Jocelyn Jarvis, “Relationship Between Socioeconomic Status, School Affiliation and Stress in Adolescents”
Mentors: Krista Lisdahl & Ryan Sullivan, Psychology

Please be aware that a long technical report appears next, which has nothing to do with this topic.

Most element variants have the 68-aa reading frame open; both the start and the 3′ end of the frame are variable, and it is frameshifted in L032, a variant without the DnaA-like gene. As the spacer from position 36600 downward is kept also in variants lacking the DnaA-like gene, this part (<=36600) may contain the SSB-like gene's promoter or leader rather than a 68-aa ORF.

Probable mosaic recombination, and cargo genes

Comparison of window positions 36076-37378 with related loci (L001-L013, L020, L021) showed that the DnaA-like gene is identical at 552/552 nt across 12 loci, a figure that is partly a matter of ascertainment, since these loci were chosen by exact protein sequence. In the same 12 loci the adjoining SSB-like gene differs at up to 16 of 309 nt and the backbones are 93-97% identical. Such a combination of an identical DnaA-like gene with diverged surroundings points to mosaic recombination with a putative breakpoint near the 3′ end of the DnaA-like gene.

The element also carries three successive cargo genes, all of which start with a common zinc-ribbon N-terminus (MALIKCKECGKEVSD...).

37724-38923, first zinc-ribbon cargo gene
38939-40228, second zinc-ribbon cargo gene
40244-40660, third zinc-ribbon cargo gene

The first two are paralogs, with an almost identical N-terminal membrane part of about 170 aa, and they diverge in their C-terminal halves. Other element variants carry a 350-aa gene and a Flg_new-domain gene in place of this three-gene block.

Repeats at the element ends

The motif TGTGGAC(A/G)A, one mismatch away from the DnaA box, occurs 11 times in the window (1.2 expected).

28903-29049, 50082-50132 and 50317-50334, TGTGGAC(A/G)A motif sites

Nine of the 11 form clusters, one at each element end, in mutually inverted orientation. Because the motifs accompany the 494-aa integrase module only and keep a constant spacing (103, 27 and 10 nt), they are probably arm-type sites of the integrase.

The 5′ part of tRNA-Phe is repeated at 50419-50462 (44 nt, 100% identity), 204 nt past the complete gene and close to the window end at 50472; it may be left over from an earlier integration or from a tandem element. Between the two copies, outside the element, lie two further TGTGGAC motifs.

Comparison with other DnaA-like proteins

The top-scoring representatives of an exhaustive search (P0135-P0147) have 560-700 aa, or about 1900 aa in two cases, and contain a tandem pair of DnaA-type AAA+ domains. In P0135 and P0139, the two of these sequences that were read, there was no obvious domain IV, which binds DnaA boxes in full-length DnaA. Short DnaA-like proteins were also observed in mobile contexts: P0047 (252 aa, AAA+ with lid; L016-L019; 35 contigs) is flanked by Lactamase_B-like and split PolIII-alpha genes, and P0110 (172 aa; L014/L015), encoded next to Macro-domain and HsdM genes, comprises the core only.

Prior research on stress in adolescents have revealed that lower SES and ethnic minority status are both related to increased stress. Considering adolescents spend a large time within a school setting, research has shown that school affiliation can promote resilience against stress. Few studies have fully examined whether school affiliation moderates the relationship between SES and ethnic minority status and stress in a national diverse sample of 9 to 11-year-olds. The aim of this project is to determine the impact of SES variables, race/ethnicity, and school affiliation and disengagement on stress within younger adolescents. 11,875 participants, both youth (aged 9-10) and accompanying parents/guardians, completed self-report questionnaires on demographic information [e.g., race/ethnicity, SES (including, household income and parental education)], class engagement, and stress. This data draws from the baseline visit of the ABCD Study. A hierarchical multiple regression analyzed the impact of race/ethnicity and SES variables on stress, then, class engagement variables were added to determine their effect on the model. Findings showed race, ethnicity, and parental education, significantly impacted stress in school- aged children. School affiliation and disengagement variables were then added to the model and each had significant impacts on stress. As a set, these variables account for 3.7% of the variance in stress. These findings confirm that demographic factors, particularly race, ethnicity, and parental education, impact stress levels in youth. Interestingly, SES variables did not have a large effect on stress in this sample. Moreover, school engagement and positive notions towards school are buffering factors against higher levels of stress, whereas educational disengagement is associated with higher stress. Indicating that youth’s feelings towards school, compounded with race and ethnicity, can affect stress in adolescents younger than previously investigated.